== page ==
(April 21): After several days of mass street protests, Serzh Sargsyan resigns and his Deputy Prime Minister Karen Karapetyan takes over.
April 18 – Latin America: CUBA
Cuba’s parliament nominates Miguel Diaz-Canel, the only candidate, to replace Raul Castro as the country’s president. Diaz-Canel has held the position of vice president of Cuba’s Council of State since 2013, and as Castro’s main adviser, he has been picked and prepared for taking over as president. No drastic change within the Cuban system is expected. 86-year-old Castro will remain the head of the Communist Party, which determines all political life in the country.
April 19 – Africa: SWAZILAND
Swaziland’s King Mswati III renames the country as the Kingdom of eSwatini. Swaziland is Africa’s last absolute monarchy with King Mswati III as a ruler since 1986. He governs by decree, does not allow opposition, and controls the media. With 28 percent unemployment, it has a weak and deteriorating economy and suffers from severe poverty. Twenty-eight percent of its population is HIV/AIDS positive, the world’s highest rate. Main industries include soft drink concentrates, coal, forestry, sugar processing, textiles, and apparel, but many Swazis migrate to South Africa for work.
Swaziland: A kingdom in crisis
April 25 – Africa: RWANDA
Rwandan authorities uncover four mass graves in the Gasabo district outside the capital Kigali that date back to the Rwandan genocide on 1994 and are believed to contain between 2,000 to 3,000 bodies. The authorities open an investigation to find and prosecute the perpetrators. Rwanda genocide of 1994 was a planned campaign of mass killings committed by extremists from among Rwanda’s majority ethnic Hutu population who planned to kill the Tutsi minority and anyone who opposed those genocidal intentions. More than 800,000 civilians were killed the course of 100 days.
Background on Rwandan genocide: 100 days of slaughter
April 27 – East Asia: NORTH KOREA / SOUTH KOREA
North Korean leader Kim Jong-un meets South Korean President Moon Jae-in in a historic meeting in South Korea. They both agree to denuclearize the Korean Peninsula and formally sign a peace agreement ending the Korean War by the end of this year. In 1953, both countries only signed an armistice. In a symbolic move, both leaders walk over the border between the two Koreas. They also agree to a cultural cooperation.
 Central Intelligence Agency. “The World Factbook.” Latvia. 2 April 2018. Web. Accessed 24 April 2018.
 Ibid 1.
 “Russia threatens sanctions over Latvian language in schools.” BBC News. 3 April 2018. Web. Accessed 25 April 2018.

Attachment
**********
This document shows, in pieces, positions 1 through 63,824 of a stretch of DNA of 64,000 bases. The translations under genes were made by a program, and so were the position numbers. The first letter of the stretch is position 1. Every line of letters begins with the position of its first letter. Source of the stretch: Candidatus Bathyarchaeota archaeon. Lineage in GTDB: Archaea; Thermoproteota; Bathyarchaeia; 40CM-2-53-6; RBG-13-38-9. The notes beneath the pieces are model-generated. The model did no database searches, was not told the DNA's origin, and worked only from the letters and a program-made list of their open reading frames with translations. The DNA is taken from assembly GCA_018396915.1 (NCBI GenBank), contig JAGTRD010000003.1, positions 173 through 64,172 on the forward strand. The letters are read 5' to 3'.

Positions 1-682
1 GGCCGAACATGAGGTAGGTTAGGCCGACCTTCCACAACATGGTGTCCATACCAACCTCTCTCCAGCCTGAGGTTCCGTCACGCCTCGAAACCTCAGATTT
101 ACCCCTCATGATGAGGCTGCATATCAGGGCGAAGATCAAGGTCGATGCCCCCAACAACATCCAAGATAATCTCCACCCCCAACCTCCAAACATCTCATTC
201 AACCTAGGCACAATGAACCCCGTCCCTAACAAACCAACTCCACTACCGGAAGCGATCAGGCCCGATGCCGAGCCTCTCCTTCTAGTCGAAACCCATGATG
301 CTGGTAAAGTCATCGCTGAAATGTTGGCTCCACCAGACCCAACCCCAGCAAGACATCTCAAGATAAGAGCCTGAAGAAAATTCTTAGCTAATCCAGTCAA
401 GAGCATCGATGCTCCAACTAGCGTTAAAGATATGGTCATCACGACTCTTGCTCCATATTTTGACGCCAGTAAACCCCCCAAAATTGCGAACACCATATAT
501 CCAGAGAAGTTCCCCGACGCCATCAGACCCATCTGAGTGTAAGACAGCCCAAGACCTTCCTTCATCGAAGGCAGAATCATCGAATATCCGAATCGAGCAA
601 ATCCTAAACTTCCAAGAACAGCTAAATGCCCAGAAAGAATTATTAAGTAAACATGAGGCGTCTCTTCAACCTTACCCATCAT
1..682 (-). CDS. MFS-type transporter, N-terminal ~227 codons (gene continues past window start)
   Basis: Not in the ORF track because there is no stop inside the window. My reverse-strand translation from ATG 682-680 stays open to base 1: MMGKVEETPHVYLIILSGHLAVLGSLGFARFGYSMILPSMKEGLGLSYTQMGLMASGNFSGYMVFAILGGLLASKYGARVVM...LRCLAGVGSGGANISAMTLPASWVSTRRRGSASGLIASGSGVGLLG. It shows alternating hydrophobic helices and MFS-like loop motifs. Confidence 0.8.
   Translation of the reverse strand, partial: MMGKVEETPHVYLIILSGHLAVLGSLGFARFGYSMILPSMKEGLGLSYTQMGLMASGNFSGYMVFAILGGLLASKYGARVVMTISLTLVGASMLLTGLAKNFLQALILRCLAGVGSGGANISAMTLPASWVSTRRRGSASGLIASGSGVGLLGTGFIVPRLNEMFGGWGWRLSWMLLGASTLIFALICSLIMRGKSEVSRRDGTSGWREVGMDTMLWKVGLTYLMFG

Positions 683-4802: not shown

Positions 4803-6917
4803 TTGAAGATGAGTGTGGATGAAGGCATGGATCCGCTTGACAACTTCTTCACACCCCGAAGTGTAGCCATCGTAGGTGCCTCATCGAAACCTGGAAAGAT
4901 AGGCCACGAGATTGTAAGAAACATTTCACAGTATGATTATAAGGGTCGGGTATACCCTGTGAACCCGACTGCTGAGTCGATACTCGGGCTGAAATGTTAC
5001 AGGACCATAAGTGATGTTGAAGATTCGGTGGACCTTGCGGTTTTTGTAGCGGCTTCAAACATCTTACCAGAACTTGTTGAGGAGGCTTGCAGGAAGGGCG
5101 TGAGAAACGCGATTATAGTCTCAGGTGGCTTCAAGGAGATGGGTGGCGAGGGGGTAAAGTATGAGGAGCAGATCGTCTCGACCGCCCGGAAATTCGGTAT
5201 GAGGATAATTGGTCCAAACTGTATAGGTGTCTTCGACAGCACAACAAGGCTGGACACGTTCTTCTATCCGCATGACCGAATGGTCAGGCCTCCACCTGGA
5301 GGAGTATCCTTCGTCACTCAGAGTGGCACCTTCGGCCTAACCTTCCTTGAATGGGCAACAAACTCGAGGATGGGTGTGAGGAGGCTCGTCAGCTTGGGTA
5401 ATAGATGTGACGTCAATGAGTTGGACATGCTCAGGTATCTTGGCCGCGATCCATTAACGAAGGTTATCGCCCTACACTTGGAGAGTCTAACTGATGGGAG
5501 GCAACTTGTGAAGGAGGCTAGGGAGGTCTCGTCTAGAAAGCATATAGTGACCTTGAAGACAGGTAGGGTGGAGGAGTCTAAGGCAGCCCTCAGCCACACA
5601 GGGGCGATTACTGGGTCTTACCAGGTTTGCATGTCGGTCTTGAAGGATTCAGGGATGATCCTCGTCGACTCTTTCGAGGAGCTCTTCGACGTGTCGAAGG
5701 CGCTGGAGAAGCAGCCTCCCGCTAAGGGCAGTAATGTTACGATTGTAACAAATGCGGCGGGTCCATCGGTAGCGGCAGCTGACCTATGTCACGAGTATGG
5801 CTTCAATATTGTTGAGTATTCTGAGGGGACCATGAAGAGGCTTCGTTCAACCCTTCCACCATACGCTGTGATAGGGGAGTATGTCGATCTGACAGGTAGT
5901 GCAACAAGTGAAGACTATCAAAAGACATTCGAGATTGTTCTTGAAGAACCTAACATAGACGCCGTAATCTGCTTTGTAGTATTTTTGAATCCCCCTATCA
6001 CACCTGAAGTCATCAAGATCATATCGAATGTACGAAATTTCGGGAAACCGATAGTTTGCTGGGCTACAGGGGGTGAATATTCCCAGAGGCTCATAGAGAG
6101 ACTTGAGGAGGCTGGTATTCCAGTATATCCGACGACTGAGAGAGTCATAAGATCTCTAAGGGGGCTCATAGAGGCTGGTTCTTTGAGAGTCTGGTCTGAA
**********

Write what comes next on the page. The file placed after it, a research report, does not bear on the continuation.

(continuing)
The World Health Organization (WHO). “WHO concerned about suspected chemical attacks in Syria.” Statement: Media center. 11 April 2018. Web. Accessed 7 May 2018.
 McKenzie, Sheena. “Suspected Syria chemical attack may have affected 500 people, WHO says.” CNN. 11 April 2018. Web. Accessed 7 May 2018.
 Borger, Julian and Peter Beaumont. “Syria: US, UK and France launch strikes in response to chemical attack.” The Guardian. 14 April 2018. Web. Accessed 7 May 2018 from https://www.theguardian.com/world/2018/apr/14/syria-air-strikes-us-uk-and-france-launch-attack-on-assad-regime
 Hungary’s’ National Election Office. “Information on the composition of the National Assembly.”8 April 2018. Accessed 10 May 2018 from http://www.valasztas.hu/dyn/pv18/szavossz/hu/l50.html
 “Viktor Orban: Hungary PM re-elected for third term.” BBC News. 9 April 2018. Web. Accessed 10 May 2018.
 International Monetary Fund. “World Economic Outlook Database.” Hungary. January 2018. Web. Accessed 10 May 2018.
 Radio Free Europe/Radio Liberty. “Russian Investigative Reporter Dies After Fall From Window; Editor Rejects Suicide.” 15 April 2018. Web. Accessed 4 May 2018.
 “Russia admits dozens of Russian casualties in Syria battle.” BBC News. 20 February 2018. Web. Accessed 26 April 2018.
 Freedom House. “Freedom of the Press 2017.” Table of Country Scores. 2018. Web. Accessed 26 April 2018 from https://freedomhouse.org/report/table-country-scores-fotp-2017
 Freedom House. “Freedom of the Press 2017.” Russia Profile. 2018. Web. Accessed 26 April 2018 from https://freedomhouse.org/report/freedom-press/2017/russia
 “Israel destroys ‘longest and deepest’ Gaza tunnel.” BBC News. 15 April 2018. Web. Accessed 7 May 2018.
 The Commonwealth. “About us.” 2018. Web. Accessed 10 May 2018 from http://thecommonwealth.org/about-us
 Commonwealth Heads of Government Meeting London 2018. “Commonwealth Heads of Government Meeting Communiqué ‘Towards a Common Future’” April 2018. Web. Accessed 10 May 2018 from https://www.chogm2018.org.uk/sites/default/files/CHOGM%202018%20Communique.pdf
 “Serzh Sargsyan: Armenian PM resigns after days of protests.” BBC News. 23 April 2018. Web. Accessed 7 May 2018.
 Dickey, Christopher and Ingrid Arnesen. “Miguel Díaz-Canel Is the New Cuban President: Who’s Really Running Cuba?” The Daily Beast. 19 April 2018. Web. Accessed 25 April 2018.
 “Swaziland king renames country ‘the Kingdom of eSwatini’.” BBC News. 19 April 2018. Web. Accessed 26 April 2018.
 Central Intelligence Agency. “The World Factbook.” Swaziland. 16 April 2018. Web. Accessed 26 April 2018.
 Ssuuna, Ignatius. “Mass Graves with 2,000 Bodies Discovered Two Decades After Rwanda Genocide.” Time. 26 April 2018. Web. Accessed 7 May 2018.
 “Rwanda genocide of 1994.” Encyclopædia Britannica. Encyclopædia Britannica, inc.. 5 August 2016. Web. Accessed 8 May 2018.
 Hakyung Kate Lee Joohee Cho. “North Korea, South Korea agree to end war, denuclearize peninsula.” ABC News. 27 April 2018. Web. Accessed 4 May 2018.